“Oh, I don’t know, whatever you pick out will be great,” my wife Kara said to her mom on the phone, as I waited for her to notice what I’d just done.
“What about you guys? You’re always so hard to shop for,” she said, my shame deepening with each passing moment, my failure nakedly on display but not yet noticed.
Kara finally looked at me and sensed something wasn’t right.
“What?” she asked with her eyes.
“I’ll fix it,” I mouthed. “And I’m sorry.”
Her eyes darted to the home worsening project I’d recently embarked upon. The original idea had been for the project to be of the home improvement variety, but things took a turn south once I started operating power tools.
“Oh, no,” she said.
Our silverware drawer sat on top of the kitchen counter, empty, the mighty wind of my humiliation whistling through the single hole drilled right through the front of it.
I’d been installing Tot-locks on our kitchen cabinets and drawers to make cooking as annoying as possible. That way, we’d have to eat more pizza to survive. The secondary benefit would be that our child would have to find a hobby other than dumping the contents of our kitchen cabinets all over the floor.
To our son Evan, the kitchen had become a giant Advent calendar, with every door hiding a wonderful surprise, a surprise that must be removed, spindled and mutilated as quickly as possible. He’d spent the bulk of the previous day standing next to our open kitchen drawer, gleefully tossing our most prized food preparation documents (takeout menus) into the air.
So I had started working my way around the kitchen, installing locks that would make even the most stubborn adult stop and ask himself, “How badly do I really need a spoon right now?” In our house, yogurt had just become finger food.
The Tot-locks open with a magnetic key that lives on the fridge, so when you’re installing the locking mechanism, you have to drill deep enough into the back of the cabinet or drawer so that only the thinnest sheet of wood would separate the lock from the key. This type of precision should not be expected from a person who finds a toilet to be an impossibly small target.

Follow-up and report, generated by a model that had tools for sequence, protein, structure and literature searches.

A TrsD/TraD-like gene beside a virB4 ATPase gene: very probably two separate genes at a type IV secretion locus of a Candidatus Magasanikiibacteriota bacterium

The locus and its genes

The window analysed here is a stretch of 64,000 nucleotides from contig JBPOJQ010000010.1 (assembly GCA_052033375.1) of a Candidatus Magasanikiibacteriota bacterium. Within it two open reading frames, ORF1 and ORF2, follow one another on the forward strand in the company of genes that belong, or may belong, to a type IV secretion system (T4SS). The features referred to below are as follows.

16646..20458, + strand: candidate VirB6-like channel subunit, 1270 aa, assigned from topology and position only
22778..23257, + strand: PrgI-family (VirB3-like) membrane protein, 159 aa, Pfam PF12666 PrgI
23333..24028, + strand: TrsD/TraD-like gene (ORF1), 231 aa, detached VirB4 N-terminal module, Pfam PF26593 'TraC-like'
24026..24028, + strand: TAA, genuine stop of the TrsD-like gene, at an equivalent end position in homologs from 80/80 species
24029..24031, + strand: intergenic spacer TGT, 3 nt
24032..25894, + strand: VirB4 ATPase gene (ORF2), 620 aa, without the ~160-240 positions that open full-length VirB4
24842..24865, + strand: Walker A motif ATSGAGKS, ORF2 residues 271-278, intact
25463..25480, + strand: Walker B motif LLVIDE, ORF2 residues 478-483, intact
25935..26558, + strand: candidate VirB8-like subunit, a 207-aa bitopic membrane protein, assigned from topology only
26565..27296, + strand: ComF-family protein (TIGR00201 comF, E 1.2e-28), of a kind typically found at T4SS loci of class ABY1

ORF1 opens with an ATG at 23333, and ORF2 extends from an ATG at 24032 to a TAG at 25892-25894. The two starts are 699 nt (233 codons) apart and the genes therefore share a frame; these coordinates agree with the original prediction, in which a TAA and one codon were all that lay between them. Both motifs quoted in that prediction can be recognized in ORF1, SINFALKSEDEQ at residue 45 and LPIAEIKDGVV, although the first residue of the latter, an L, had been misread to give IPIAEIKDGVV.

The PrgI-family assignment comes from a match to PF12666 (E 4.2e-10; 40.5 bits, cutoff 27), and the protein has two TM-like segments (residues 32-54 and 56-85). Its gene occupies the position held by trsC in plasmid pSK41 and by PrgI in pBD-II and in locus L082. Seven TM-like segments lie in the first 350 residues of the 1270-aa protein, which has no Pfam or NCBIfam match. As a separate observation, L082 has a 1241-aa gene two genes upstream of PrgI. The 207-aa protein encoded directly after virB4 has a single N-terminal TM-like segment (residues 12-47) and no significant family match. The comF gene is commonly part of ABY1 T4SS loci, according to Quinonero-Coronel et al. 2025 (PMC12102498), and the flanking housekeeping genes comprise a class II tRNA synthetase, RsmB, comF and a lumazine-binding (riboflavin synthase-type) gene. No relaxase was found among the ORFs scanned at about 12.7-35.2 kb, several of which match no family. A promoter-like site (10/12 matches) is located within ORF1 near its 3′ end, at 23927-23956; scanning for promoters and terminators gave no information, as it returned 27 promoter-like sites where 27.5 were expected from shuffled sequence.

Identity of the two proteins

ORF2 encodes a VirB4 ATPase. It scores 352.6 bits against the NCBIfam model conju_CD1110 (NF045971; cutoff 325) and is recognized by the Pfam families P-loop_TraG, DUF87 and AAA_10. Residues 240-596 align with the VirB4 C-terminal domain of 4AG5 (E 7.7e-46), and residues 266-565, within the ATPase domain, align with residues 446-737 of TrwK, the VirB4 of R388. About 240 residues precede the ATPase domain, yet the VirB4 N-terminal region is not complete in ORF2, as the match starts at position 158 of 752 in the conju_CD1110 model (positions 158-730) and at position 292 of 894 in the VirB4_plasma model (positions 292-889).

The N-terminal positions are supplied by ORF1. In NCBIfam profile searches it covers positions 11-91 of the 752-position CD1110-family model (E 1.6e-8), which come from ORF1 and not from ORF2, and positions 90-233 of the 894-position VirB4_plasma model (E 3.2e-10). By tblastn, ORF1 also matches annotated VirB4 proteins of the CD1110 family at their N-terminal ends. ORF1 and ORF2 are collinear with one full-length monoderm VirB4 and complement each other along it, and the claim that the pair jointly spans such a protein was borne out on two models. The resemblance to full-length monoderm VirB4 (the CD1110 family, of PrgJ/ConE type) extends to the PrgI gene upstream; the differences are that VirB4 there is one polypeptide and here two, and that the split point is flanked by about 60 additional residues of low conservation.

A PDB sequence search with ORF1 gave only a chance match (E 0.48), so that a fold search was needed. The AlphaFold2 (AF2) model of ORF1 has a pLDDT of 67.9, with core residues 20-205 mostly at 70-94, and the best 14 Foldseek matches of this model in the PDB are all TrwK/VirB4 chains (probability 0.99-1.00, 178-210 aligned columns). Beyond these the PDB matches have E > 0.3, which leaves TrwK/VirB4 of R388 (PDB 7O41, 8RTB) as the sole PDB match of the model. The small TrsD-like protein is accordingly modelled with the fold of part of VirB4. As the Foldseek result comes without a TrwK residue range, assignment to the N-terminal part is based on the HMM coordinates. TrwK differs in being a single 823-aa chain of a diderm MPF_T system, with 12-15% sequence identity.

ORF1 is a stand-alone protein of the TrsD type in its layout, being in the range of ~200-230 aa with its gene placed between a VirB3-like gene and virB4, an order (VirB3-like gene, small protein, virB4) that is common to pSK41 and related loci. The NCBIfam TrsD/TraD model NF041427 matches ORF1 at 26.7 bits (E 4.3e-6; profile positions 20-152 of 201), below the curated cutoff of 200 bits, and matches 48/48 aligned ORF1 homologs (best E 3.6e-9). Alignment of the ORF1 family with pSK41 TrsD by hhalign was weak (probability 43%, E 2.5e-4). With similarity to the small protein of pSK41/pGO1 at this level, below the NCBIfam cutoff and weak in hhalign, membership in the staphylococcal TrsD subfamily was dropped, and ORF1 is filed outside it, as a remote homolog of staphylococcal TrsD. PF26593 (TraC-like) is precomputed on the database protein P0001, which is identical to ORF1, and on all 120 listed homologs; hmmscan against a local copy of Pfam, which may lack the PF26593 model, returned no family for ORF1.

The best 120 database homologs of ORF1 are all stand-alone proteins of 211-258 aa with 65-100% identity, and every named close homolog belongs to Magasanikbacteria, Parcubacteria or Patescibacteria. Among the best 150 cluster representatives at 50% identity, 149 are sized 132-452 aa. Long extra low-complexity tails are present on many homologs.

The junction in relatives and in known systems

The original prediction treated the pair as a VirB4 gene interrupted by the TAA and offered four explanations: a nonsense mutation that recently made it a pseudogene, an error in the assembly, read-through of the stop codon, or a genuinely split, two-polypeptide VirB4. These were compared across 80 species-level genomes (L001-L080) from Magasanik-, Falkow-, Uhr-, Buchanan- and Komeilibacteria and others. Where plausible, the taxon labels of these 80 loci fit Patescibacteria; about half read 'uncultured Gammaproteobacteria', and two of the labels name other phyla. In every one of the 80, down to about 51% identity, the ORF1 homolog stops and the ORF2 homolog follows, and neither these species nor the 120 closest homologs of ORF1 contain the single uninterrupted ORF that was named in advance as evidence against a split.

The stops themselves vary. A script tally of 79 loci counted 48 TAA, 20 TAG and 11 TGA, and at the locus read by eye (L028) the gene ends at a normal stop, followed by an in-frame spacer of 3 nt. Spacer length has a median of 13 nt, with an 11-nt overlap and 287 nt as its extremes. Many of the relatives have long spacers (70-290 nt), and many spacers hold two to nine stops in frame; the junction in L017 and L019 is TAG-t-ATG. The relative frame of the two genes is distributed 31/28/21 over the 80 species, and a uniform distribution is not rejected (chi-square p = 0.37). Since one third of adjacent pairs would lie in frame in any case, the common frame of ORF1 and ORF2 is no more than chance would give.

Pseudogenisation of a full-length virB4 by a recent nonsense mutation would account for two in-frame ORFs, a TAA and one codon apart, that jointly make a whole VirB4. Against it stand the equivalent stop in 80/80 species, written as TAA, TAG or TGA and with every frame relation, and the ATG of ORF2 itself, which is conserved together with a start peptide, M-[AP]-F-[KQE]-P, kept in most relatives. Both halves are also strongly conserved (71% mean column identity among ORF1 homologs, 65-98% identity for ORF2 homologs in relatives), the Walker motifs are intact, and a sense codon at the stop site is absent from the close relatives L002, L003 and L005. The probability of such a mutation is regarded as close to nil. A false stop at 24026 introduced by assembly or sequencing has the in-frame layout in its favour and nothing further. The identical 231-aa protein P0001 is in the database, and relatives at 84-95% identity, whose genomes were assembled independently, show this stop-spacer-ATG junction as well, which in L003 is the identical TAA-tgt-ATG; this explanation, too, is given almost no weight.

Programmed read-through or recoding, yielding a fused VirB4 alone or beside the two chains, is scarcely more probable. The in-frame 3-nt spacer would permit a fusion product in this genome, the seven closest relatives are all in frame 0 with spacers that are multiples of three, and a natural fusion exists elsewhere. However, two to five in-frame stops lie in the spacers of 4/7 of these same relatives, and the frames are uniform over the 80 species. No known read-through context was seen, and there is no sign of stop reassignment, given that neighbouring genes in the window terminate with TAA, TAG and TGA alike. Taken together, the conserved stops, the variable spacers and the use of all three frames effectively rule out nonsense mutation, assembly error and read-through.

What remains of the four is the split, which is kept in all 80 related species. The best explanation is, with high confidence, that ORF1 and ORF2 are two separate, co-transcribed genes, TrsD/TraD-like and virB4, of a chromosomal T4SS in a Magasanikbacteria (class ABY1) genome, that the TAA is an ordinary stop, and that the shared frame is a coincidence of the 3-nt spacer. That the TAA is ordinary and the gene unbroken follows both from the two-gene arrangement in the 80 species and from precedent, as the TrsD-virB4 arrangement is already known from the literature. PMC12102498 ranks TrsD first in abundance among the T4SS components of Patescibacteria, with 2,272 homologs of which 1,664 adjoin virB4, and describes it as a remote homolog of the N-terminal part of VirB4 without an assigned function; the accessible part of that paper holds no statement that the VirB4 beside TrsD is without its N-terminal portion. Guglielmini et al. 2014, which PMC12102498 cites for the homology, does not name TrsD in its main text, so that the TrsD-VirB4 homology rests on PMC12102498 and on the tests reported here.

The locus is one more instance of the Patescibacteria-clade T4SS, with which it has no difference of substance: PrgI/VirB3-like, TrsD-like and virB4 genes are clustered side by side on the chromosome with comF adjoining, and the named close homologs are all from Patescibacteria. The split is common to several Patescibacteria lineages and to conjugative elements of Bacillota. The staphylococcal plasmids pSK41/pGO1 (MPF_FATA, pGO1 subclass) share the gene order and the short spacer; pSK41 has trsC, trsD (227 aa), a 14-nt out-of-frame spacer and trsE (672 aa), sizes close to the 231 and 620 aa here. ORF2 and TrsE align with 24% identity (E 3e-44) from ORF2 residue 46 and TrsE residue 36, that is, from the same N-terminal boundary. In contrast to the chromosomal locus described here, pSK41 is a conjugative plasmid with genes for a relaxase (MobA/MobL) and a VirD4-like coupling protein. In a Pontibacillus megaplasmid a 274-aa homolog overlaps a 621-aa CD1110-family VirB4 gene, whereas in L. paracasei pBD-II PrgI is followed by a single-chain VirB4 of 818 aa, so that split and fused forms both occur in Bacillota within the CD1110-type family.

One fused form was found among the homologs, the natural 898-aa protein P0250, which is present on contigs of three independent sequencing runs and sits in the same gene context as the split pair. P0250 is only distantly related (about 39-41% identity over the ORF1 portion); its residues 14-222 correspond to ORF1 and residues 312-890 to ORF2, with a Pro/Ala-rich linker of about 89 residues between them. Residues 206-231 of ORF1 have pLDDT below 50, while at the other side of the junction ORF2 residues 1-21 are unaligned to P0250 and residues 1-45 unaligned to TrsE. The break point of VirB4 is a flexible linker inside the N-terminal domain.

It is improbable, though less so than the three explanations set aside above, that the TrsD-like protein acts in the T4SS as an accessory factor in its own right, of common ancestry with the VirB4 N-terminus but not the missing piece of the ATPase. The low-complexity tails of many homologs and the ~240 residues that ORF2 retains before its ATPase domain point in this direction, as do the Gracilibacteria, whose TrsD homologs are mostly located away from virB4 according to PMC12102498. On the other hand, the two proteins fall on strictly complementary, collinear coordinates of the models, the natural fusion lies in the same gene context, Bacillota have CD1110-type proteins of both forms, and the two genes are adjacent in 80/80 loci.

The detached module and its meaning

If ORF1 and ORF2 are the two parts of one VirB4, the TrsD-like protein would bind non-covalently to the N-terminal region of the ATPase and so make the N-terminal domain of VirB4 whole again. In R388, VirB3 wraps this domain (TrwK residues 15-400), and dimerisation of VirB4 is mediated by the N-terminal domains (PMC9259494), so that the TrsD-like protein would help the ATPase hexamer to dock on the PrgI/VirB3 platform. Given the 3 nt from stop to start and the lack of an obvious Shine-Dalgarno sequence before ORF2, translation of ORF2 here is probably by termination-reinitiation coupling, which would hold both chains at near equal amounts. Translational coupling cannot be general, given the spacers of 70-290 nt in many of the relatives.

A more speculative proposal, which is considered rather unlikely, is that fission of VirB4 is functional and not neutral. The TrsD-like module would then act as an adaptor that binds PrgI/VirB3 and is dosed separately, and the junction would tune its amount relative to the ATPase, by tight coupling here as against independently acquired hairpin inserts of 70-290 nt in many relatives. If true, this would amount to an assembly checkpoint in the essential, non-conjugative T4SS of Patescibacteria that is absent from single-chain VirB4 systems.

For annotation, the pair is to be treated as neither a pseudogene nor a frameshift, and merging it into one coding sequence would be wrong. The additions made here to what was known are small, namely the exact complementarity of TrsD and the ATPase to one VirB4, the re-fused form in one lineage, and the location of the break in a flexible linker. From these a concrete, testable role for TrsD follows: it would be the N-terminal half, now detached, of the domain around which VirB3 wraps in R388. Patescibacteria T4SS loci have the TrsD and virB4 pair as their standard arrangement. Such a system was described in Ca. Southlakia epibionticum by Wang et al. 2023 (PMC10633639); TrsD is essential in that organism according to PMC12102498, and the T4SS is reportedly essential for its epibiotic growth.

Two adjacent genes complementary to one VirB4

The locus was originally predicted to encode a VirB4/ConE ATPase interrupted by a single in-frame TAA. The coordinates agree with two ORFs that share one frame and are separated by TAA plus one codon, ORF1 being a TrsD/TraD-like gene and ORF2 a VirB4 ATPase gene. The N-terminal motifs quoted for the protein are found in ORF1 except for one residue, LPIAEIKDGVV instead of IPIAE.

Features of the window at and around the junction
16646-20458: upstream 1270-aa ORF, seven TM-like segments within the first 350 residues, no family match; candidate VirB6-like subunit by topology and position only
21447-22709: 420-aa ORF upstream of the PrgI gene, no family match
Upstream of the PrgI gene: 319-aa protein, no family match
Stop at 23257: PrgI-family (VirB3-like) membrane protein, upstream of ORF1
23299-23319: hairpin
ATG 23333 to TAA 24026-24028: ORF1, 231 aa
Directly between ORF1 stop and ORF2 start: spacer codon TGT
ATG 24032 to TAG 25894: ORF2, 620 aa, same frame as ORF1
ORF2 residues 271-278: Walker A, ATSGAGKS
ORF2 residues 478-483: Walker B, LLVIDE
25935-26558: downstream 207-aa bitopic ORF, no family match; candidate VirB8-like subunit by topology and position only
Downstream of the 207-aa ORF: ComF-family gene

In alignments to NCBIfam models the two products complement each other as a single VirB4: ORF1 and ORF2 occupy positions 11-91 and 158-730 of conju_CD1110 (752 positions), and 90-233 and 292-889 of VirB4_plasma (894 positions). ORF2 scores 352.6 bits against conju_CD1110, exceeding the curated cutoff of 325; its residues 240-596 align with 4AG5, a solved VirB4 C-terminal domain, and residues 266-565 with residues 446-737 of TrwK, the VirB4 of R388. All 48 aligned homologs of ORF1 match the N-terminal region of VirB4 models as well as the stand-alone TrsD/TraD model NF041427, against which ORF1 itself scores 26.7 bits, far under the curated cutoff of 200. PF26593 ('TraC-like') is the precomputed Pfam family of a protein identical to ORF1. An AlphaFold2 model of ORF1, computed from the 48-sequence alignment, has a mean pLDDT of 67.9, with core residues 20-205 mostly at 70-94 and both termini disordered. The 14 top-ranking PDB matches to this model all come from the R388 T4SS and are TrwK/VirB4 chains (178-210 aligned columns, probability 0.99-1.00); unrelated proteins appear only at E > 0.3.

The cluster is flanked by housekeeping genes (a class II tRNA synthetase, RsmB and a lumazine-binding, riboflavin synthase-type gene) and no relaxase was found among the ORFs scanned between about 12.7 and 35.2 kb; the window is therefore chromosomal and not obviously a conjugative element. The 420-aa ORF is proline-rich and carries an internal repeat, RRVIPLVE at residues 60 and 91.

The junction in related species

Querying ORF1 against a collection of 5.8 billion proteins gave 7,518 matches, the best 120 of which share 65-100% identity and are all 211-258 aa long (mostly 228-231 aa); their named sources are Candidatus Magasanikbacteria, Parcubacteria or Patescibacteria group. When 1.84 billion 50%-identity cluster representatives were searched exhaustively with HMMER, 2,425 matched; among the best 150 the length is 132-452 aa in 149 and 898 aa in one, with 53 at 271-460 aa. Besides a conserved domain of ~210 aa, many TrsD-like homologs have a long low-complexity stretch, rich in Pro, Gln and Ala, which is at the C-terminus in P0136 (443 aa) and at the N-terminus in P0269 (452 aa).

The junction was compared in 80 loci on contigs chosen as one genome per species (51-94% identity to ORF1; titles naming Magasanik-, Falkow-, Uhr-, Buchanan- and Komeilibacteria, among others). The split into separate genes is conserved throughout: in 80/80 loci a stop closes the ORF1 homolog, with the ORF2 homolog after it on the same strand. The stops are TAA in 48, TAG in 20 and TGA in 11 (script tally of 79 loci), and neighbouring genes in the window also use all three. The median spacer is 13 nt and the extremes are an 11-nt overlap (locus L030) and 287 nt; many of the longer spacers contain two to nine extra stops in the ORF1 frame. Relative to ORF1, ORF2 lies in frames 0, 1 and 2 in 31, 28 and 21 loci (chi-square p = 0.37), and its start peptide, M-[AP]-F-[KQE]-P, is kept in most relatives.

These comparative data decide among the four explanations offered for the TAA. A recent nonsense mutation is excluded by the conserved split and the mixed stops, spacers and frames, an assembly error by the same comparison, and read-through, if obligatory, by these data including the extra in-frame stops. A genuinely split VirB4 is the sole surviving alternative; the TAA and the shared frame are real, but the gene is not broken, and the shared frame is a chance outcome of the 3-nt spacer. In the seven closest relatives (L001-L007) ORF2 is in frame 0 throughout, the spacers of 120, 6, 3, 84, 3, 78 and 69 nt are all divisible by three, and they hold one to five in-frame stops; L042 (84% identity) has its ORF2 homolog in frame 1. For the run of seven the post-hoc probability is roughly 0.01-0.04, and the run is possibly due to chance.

When the drill bit came roaring through the front of the drawer, right next to the handle, my shame was intensified not only because Kara was talking with her mom, instantly giving my failure a wider audience than I would have preferred, but also because I’d been using the fattest drill bit I could find, the kind you’d expect to see mounted on the front of a vehicle bound for the center of the Earth.
Hopefully, Evan won’t be afflicted with the same sort of mechanical ineptitude that plagues his old man. He’s already showing some promise at accomplishing tasks normally left to adults.
“Babe, why is our cable bill twenty bucks higher this month?” Kara asked recently.
“I have no idea,” I said, then we both looked at Evan, who was holding the cable remote up to his ear like it was a phone. He held out his phone and started dialing it by mashing random buttons.
“Mweh?” he asked when he held the remote back up to his ear.
As it turned out, it’s possible to order a Platinum Package from our cable provider simply by pressing a single button on the remote over and over. In a remarkable coincidence, that button happened to be the largest one on the remote. I wonder how many people have subscribed to HBO using nothing but their butts. Probably less than the number of people who can pinch a fork out of their kitchen drawer without opening it.
You can hide your power tools from Mike Todd at firstname.lastname@example.org.